For 33 years and more than 13,500 shows, Catherine Russell played a psychiatrist and suspected cold-blooded killer in an off-Broadway show, taking just four sick days and setting a Guinness World Record for most theater performances as a character. And if the boiler in her theater needed fixing or the ticket-taker didn’t show up, she could do that too.
Only a global pandemic could have stopped her.
Covid shut down the Theater Center, the venue Russell rents on West 50th Street and Broadway, for 13 months. She reopened in April at limited capacity, but it could be a while before she can play Margaret Thorne Brent in front of a full house. Gov. Andrew Cuomo still requires theater attendees to social-distance, which limits Russell’s occupancy to about 50 percent.
“It’s not economically feasible at all,” said Russell. She has sued the state and city over the restrictions.
As Broadway prepares to go live in September, smaller theater owners and companies are trying to hang on, if they have not already given up. They claim the government has not provided enough support for an industry that adds about $1.3 billion to New York City’s economy, according to a city study in 2019.
While many theaters qualified for the federal government’s Shuttered Venues Operating Grant program, rollout of the aid has been delayed, leaving landlords and theater owners under a pile of unpaid bills.
“Small theaters have to pay rent, owners of the theaters still have to pay the real estate taxes,” said Russell.
The day Broadway closed
On March 12, 2020, with the coronavirus spreading unchecked through the city, Broadway shut all 41 of its theaters. Producers postponed their shows. Thousands of actors, stage hands, and engineers were put out of work.
It was a big hit to the city.
Broadway brought in 14.6 million people and sold $1.8 billion in tickets in 2019, according to its trade organization, The Broadway League. Broadway is largely owned by three landlords: the Nederlander Organization, the Shubert Organization and Jordan Roth’s Jujamcyn Theaters. (The three companies did not respond to requests to comment.)
Smaller theaters are a different story. Few theater companies own their space, and they have less negotiating power with their landlords. If they miss rent, a landlord might not be forgiving. The state has frozen commercial evictions and foreclosures since the onset of the pandemic, but the protection could end this summer.
“The venues that we support are living on the edge financially in a good year,” said Randi Berry, the executive director of IndieSpace. “So even one month or two months [without income] is enough to put them completely over.”
Berry’s organization helps independent theaters structure leases and find venues. While some were able to secure federal PPP money, many theaters missed out because they often rely on volunteers or part-time workers, according to Berry.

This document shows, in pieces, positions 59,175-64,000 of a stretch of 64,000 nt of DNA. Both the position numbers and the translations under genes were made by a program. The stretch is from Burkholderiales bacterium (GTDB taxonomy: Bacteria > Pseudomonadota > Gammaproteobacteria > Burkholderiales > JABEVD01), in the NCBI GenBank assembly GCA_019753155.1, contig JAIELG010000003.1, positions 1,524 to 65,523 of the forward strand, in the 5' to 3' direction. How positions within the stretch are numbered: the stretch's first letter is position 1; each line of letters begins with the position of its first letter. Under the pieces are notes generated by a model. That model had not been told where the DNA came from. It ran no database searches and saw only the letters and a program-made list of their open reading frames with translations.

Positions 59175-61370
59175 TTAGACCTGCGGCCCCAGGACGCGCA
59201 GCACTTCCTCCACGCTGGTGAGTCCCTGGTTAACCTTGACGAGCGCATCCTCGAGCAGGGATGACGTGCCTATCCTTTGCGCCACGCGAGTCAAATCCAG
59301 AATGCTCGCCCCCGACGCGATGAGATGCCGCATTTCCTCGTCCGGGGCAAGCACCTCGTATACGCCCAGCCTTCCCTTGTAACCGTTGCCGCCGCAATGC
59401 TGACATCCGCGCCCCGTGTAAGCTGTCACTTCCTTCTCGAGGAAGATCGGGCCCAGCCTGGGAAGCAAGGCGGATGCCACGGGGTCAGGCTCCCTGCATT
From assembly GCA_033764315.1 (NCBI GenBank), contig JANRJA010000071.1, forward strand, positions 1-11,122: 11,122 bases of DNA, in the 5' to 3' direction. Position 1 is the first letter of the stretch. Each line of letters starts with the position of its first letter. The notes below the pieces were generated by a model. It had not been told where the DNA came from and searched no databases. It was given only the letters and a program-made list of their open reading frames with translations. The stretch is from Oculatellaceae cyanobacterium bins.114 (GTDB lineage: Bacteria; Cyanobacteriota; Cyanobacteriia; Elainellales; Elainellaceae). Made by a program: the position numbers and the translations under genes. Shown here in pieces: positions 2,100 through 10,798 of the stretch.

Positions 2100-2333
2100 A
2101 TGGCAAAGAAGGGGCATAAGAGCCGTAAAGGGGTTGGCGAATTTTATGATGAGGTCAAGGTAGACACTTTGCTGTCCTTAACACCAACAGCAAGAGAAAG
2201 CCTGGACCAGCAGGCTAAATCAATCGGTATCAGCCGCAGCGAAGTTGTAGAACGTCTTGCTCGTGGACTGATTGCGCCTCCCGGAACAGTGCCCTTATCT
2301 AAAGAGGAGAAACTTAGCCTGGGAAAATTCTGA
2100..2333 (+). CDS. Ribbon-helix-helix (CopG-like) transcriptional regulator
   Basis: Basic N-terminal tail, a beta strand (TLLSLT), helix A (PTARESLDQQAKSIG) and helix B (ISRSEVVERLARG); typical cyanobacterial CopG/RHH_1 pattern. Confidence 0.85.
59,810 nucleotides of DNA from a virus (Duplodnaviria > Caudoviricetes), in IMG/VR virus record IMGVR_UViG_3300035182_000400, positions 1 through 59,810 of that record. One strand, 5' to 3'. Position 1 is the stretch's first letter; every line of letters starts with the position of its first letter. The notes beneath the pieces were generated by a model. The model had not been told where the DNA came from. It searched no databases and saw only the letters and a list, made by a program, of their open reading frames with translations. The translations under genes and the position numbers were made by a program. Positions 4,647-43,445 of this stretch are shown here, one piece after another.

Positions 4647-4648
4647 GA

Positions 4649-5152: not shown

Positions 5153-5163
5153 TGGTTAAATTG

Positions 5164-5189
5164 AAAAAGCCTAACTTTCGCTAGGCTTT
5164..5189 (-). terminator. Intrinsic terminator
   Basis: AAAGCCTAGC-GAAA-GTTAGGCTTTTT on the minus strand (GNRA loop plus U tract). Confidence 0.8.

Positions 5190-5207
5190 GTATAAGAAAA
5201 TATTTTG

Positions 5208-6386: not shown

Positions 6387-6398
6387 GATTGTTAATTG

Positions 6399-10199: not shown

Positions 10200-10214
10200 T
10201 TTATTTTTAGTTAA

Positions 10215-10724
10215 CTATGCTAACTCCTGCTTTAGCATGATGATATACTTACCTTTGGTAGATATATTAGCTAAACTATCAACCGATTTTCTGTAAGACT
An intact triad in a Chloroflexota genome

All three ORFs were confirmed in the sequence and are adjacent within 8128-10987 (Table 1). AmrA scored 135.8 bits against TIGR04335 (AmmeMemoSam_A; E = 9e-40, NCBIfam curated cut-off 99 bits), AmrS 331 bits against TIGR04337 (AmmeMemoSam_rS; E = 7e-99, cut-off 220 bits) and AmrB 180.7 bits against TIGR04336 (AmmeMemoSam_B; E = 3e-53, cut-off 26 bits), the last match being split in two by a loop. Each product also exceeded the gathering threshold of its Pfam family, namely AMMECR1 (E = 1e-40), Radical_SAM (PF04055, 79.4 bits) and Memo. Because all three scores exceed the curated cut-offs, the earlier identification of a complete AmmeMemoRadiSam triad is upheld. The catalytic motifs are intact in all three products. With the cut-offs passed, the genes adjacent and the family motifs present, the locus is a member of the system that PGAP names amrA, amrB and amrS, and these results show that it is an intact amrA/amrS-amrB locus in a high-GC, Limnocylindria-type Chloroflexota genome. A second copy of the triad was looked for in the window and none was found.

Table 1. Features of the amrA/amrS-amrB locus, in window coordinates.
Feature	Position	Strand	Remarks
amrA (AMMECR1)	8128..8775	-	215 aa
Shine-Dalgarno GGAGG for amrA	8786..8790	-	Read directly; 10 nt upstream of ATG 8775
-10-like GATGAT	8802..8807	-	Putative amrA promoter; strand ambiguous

“Small venues may not have full-time employees that made them eligible for some of the support,” she said.
Broadway and small theater owners are relying heavily on the $16 billion Shuttered Venue program, set up by the Small Business Administration with federal pandemic funding to help music venues, live-event spaces, theaters and museums. The money was supposed to be released in April but has yet to arrive.
Some theater owners claim the application process was too cumbersome for a small organization.
“It was insane,” said Edmund Gaynes, a long-time off-Broadway producer who runs the Actors Temple Theater. Gaynes decided not to apply for a grant.
The League of Independent Theaters, a nonprofit organization, lists 14 theaters on its website that have closed because of Covid.
One of those companies belonged to Eric Krebs, who had been producing shows in and around New York City since 1969. Unable to pay rent at his 62-seat Playroom Theater at 151 West 46th Street near Times Square, he got out of his lease and shut it down shortly after the pandemic began.
Krebs, 76, said his main focus now is producing a musical version of Romeo and Juliet set in 1960s Brooklyn. But it will not be at the venue he left. That has been converted to a physical therapy and acupuncture clinic.
Meghan Finn, the artistic director of the Tank, an off-off-Broadway production venue, said her nonprofit organization pivoted quickly to virtual performances. It went into arrears in the first two months, but was able to pay rent for a 56-seat space and a 98-seat space at 312 West 36th Street.
Finn said she tried to pay rent as soon as she could so the landlord would continue the lease.
Even with virtual shows, such as “Prometheus Bound” or “Islands of Contentment,” and grants from private foundations, it’s been a challenge.
“We still have to pull rabbits out of hats to make it work,” said Finn.
Waiting on Cuomo
Some theater owners are seeking more clarity before they open.
Ciaran O’Reilly, the producing director of the 150-seat Irish Repertory Theatre at 132 West 22nd Street in Chelsea, is waiting on guidance from the unions before opening to a live audience. He said his theater is lucky as it owns its space (a commercial condo) and was able to get by on virtual shows, which expanded the theater’s audience.
But putting on a new show is expensive. He also has to pay to make sure his HVAC system is up to the state’s pandemic standard, with filters and air-circulation levels believed to reduce transmission of the virus.
Cuomo may have declared that New York is fully open in May, but that’s not practical for the Irish Rep.